April 26, 2024


Dear Friends, Neighbors, and Fellow Fairbanksans,

 

Welcome to the 64th edition of the Carrick Capitol Connection! As we head into the last 30 days of session, the Capitol is experiencing a flurry of activity. The House Finance Committee has begun tackling the capital budget, firefighters had a rally on the Capitol steps in support of the pensions bill (SB88), and committees are frantically considering legislation. In this week’s edition of the Carrick Capitol Connection, I will discuss a series of Interior Delegation Meetings focused on energy in the Interior, the progress of my bill to ensure access to prescription contraceptives, new statistics related to the Child Access to Firearms Prevention Act, and events going on in our community. Continue reading for more information.

 

First, I am excited to report that my House Bill 17 has moved out of the Senate Health and Social Services Committee. As a reminder, this is my contraceptive coverage bill that passed the House back in March on a strong bipartisan vote of 29 in favor. It is now scheduled in its final committee of referral, the Senate Labor and Commerce Committee, where it will be heard on Monday and hopefully will progress from that committee in a short timeframe so it can be considered on the Senate Floor and pass the legislature before the end of session. Stay tuned for more updates! 

Thank you to all the folks, especially the public safety personnel, who came to Juneau to rally in support of SB 88, the bill to establish a defined benefit retirement system for all public employees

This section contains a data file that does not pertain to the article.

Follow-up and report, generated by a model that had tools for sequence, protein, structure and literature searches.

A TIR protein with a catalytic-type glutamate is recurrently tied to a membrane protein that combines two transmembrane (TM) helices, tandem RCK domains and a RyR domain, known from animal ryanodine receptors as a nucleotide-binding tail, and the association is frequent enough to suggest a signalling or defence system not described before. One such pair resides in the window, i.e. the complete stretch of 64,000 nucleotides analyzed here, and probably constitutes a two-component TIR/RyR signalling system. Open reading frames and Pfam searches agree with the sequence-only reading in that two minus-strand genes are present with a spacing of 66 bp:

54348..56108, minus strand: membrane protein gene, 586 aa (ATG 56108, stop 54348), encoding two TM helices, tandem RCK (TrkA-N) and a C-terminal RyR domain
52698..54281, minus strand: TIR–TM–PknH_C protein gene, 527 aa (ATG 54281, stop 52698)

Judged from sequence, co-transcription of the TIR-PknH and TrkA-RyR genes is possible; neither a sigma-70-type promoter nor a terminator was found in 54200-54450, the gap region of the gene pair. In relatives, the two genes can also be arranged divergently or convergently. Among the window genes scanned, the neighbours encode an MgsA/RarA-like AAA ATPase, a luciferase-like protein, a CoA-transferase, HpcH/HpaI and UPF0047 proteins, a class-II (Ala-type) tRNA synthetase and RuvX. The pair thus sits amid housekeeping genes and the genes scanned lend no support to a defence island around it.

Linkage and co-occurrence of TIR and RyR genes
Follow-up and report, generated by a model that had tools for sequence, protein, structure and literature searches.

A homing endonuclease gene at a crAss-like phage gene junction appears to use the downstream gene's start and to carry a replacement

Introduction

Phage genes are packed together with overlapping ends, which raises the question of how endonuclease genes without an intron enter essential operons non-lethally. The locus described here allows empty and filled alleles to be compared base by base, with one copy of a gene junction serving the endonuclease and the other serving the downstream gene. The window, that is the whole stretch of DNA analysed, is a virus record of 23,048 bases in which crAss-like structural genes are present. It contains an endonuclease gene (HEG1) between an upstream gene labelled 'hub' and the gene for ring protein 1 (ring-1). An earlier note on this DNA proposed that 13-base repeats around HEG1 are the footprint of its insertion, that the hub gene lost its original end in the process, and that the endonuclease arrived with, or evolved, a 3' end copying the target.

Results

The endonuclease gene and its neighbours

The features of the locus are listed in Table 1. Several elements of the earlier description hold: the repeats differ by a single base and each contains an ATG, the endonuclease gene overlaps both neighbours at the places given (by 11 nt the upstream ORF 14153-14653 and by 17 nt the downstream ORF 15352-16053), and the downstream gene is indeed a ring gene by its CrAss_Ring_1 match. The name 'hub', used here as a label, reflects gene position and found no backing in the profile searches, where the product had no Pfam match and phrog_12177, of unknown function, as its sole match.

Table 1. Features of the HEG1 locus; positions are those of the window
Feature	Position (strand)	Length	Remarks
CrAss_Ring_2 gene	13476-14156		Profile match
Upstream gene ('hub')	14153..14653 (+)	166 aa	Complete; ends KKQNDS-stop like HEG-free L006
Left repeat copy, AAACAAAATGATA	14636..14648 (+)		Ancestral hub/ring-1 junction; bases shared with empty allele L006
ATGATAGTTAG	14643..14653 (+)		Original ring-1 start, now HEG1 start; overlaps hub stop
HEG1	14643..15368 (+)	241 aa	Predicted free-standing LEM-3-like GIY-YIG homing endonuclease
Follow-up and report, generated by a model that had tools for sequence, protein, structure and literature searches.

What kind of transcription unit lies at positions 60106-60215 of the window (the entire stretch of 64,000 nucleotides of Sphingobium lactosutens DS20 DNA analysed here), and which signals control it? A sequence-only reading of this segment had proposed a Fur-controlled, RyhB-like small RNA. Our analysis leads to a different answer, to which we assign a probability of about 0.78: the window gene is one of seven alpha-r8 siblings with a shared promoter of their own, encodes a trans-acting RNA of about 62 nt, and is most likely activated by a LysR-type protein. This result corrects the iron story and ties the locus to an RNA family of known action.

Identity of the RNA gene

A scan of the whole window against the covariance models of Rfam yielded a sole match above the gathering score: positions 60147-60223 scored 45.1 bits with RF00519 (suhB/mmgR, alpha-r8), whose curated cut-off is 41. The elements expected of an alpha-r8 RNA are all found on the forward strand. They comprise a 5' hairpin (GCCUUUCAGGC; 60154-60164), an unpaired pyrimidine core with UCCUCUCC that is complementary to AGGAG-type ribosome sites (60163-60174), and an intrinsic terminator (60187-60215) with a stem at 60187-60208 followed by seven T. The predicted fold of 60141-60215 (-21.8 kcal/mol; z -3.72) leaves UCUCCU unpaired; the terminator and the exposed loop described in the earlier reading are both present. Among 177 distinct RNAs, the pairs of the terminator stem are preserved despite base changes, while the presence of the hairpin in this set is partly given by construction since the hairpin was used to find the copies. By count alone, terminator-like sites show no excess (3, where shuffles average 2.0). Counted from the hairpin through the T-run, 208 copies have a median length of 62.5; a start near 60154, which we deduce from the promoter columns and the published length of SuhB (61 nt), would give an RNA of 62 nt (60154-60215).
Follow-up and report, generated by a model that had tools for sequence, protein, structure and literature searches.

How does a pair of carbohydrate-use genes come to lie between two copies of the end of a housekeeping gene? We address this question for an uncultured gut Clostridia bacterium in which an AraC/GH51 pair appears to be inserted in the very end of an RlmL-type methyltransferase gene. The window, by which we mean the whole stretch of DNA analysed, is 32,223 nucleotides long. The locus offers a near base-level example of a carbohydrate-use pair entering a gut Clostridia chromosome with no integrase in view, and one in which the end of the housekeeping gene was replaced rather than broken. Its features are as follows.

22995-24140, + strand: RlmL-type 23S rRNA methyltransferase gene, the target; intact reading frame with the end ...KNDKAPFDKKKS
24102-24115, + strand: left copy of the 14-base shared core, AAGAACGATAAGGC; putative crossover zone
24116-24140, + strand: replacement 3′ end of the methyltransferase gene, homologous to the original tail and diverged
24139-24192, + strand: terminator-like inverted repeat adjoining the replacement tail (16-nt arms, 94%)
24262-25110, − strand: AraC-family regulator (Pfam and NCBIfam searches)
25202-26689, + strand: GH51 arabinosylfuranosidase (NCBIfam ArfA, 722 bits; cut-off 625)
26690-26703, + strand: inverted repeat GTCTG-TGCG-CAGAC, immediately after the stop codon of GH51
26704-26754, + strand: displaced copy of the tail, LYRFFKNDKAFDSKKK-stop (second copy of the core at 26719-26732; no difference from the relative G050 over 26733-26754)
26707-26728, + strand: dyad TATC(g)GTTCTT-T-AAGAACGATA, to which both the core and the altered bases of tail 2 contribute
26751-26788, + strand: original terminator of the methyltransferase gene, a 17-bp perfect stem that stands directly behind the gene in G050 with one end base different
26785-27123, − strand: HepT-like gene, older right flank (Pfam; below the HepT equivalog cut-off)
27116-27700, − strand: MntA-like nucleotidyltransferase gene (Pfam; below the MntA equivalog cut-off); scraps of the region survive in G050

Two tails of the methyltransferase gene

Interior Delegation Energy Roundtable

Over the past year and a half, I have had the pleasure of chairing the Interior Delegation. As chair, my highest priority has been finding areas of common ground on issues and challenges impacting our region. While we are a politically and ideologically diverse group, one area of broad consensus is affordable and reliable energy. With this focus on energy, over the past three weeks, the Interior Delegation has hosted a roundtable series of three meetings with Interior energy producers and utilities to discuss their current projects and legislative priorities.

 

Guests at the roundtable discussions have included Golden Valley Electric Association’s President and CEO John Burns and COO Travis Million, Interior Gas Utility’s General Manager Elena Sudduth, Alaska Renewables’ Co-Founder and Vice President Andrew McDonell, UAF College of Engineering and Mines Petroleum Development Laboratory’s Acting Director Brent Sheets (working with the Institute of Northern Engineering), Usibelli Coal Mine’s Vice President of External Affairs Lorali Simon, and Delta Wind Farm’s President and CEO Mike Craft. Thank you again to all of our esteemed presenters!